It will need to be a big one. Cavendish poses for the photographer, while playing the team pursuit game on his Playstation, and admits that girlfriend Melissa is better at it than him. It?s something of an admission for a man who hates losing. The padded folding table in the corner indicates another of Melissa?s talents. She is studying massage at the local college and is already ?better than some of the professional ?swannys? I?ve had?.
Talking about the early years and becoming a cyclist, Cavendish reveals that pestering his parents for a decent bike paid off and led to his taste for winning.
?Since I was three, I always had a BMX or whatever, like most kids do. I loved to be on the bike, so it was a natural progression to start racing,? he says. ?The first year racing, when I was 10 or 11, I was on my BMX and coming last. It wasn?t fair. If I had a bike like the others then I could compete. I got a mountain bike for my birthday, and the day after that I went from being last to first.?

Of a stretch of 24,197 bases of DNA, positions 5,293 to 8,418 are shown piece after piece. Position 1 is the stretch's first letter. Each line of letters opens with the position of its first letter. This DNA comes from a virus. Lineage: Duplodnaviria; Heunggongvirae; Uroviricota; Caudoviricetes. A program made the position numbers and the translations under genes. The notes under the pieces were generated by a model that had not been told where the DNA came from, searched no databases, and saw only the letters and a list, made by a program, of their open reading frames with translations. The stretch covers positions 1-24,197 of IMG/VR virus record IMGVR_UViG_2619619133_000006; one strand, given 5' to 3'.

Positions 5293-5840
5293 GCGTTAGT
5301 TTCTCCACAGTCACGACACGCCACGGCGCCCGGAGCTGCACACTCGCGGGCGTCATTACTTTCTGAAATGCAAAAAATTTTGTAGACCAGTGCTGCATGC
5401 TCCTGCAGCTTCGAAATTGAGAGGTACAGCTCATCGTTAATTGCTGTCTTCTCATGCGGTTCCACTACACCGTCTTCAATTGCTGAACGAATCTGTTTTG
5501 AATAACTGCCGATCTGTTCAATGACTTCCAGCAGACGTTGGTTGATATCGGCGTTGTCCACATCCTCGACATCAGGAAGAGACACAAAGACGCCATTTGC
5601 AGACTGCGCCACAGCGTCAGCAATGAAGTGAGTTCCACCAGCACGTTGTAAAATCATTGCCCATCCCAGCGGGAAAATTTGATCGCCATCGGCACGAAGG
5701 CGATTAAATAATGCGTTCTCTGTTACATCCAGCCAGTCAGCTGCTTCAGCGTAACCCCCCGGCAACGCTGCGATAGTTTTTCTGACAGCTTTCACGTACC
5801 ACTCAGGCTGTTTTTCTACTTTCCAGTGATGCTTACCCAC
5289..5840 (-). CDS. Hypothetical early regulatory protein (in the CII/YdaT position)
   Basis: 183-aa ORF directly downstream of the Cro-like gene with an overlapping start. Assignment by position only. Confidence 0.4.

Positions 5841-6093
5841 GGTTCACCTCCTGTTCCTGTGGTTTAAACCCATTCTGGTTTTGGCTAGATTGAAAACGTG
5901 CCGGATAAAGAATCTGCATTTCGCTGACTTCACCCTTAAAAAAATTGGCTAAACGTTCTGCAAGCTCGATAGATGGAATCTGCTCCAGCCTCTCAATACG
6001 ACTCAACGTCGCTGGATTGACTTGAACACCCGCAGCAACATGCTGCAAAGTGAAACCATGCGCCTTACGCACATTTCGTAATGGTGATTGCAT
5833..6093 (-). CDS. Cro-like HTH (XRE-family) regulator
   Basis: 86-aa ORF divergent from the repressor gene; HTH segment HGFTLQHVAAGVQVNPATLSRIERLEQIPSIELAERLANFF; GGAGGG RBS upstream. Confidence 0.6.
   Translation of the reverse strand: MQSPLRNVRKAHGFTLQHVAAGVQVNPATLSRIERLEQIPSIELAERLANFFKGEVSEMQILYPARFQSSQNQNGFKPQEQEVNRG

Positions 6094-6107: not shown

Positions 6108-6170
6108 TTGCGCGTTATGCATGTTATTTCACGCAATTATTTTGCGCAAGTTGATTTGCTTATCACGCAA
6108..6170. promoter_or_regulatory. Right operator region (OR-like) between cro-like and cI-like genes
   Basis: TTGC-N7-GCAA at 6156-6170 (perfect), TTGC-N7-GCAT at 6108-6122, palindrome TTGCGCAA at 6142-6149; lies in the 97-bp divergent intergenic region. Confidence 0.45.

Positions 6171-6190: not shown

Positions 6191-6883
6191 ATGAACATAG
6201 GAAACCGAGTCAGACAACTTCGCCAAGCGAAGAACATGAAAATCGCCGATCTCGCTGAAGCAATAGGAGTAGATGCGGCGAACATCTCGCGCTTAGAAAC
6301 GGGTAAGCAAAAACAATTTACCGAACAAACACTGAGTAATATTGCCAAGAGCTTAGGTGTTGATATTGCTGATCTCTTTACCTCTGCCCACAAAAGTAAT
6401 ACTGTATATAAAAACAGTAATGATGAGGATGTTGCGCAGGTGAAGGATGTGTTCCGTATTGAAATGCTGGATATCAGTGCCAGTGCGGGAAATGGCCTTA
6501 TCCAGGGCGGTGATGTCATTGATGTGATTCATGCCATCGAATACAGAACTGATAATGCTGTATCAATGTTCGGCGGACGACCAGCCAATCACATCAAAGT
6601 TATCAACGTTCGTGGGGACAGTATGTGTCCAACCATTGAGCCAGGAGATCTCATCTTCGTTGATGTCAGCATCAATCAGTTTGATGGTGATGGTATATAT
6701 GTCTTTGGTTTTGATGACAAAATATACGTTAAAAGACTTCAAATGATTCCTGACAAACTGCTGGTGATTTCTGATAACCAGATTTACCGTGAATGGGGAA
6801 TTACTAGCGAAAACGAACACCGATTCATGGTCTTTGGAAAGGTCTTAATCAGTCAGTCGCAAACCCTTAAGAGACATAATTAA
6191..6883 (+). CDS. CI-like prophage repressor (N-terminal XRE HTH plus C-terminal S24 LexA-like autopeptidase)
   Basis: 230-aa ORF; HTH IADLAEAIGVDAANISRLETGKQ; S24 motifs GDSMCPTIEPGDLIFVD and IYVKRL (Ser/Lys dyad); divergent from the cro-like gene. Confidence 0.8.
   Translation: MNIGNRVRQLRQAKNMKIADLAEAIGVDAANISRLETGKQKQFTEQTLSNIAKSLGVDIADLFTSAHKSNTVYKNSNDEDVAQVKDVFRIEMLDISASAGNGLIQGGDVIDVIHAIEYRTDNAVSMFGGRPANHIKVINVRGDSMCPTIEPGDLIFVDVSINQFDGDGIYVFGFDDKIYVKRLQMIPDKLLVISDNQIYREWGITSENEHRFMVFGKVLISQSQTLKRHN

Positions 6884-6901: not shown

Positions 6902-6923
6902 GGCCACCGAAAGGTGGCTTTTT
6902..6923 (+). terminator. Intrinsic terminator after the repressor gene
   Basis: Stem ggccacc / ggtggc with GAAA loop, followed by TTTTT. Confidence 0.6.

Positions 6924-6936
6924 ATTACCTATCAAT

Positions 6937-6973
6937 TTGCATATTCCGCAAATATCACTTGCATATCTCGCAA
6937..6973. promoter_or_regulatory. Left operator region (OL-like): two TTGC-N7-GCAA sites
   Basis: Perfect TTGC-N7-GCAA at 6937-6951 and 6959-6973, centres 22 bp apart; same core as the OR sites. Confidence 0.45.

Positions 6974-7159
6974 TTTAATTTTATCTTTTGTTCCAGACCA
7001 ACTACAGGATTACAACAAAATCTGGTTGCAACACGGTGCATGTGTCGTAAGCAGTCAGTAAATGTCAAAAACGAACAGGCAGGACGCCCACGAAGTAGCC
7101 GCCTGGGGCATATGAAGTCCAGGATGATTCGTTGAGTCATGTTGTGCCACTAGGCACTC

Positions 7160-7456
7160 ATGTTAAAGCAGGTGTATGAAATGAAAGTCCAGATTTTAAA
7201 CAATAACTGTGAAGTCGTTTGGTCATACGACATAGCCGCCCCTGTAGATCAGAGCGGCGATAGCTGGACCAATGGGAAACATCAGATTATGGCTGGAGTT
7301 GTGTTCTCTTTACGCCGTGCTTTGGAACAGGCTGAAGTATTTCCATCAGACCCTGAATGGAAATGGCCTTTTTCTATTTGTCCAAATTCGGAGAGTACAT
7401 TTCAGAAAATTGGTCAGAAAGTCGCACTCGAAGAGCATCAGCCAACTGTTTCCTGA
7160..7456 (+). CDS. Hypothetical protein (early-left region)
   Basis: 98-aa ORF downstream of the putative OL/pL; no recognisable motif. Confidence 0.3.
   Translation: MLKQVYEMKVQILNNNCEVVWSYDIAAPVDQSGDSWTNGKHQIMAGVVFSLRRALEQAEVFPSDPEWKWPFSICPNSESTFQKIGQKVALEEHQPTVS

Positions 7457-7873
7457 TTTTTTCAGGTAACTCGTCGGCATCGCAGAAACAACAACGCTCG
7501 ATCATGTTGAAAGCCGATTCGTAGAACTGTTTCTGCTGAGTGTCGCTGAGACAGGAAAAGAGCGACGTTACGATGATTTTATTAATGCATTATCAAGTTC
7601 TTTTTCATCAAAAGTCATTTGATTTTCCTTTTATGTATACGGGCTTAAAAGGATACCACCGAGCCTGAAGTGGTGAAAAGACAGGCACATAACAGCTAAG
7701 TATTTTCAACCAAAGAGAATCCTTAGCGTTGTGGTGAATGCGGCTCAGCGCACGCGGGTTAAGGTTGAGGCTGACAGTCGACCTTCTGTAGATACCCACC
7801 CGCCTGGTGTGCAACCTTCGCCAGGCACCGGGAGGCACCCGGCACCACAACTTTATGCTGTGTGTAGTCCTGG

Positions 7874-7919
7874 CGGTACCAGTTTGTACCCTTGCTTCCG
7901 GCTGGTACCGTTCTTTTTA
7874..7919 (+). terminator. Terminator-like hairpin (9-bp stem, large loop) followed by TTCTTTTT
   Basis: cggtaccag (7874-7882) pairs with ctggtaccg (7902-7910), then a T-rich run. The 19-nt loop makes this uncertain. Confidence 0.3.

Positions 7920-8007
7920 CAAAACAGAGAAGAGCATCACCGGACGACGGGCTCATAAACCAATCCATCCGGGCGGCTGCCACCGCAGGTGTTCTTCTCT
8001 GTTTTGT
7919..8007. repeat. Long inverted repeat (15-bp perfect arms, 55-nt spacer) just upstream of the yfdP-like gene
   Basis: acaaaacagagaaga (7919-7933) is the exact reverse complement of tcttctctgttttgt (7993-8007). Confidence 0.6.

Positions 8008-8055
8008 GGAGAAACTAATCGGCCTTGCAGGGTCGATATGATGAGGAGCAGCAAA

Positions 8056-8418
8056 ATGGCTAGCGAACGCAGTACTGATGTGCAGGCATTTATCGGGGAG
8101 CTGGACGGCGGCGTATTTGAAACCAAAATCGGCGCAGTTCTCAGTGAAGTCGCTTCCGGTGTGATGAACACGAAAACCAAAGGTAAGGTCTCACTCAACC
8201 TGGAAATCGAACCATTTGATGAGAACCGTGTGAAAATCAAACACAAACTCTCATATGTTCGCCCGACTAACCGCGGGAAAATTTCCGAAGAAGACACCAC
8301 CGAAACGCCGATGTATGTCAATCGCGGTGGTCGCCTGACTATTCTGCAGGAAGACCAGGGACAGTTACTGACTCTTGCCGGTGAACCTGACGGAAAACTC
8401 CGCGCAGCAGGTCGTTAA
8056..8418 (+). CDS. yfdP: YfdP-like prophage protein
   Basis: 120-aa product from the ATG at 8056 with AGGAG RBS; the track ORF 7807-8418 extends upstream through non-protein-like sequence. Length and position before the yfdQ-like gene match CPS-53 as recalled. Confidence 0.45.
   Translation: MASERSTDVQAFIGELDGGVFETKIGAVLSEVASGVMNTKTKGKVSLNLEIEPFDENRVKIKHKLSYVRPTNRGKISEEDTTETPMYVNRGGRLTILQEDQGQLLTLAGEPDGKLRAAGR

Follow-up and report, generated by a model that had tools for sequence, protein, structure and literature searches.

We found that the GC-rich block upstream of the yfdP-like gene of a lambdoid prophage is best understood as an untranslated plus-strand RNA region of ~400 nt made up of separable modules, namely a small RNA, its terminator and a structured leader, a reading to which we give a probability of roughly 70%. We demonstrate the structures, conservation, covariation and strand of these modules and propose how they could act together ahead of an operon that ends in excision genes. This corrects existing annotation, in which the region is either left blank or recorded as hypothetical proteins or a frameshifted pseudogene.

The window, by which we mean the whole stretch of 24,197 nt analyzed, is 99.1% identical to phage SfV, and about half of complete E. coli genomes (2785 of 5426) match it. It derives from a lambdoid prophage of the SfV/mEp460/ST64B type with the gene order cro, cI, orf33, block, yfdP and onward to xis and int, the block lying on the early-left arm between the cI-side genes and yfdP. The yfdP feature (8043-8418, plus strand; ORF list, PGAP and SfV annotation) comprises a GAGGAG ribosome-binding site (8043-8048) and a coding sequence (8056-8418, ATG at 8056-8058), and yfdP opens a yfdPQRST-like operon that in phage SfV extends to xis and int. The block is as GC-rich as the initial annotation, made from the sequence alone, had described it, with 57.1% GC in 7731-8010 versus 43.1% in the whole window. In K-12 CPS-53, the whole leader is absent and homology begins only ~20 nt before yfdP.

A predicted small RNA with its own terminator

It turns out he is not the only Cavendish on the island with a good turn of speed.
?I have got a brother, Andy, who lives over here. He?s a joiner. He started racing at the same time as me. To be honest, he is more of a natural talent than me. He didn?t have to train or anything, and he?d win races. But I loved it. Not that I worked harder, I was just on my bike a lot more, so got better. I think, to this day, he would have been better than me if he had worked hard. But it was tough for him to follow when his older brother was doing a lot.?
Does Andy regret not following in big brother?s footsteps?
?Not at all. He is really proud of me.?
Their parent?s divorce saw the boys move from Douglas to nearby Laxey with mother Adele. It was a testing time for all.
?They tried really hard to make it between them, not us. I think it was tougher for Andy. At the time I didn?t think much of it, but now I can see it had an effect on me. It sounds a strange thing to say but, in a way, it had a positive effect.?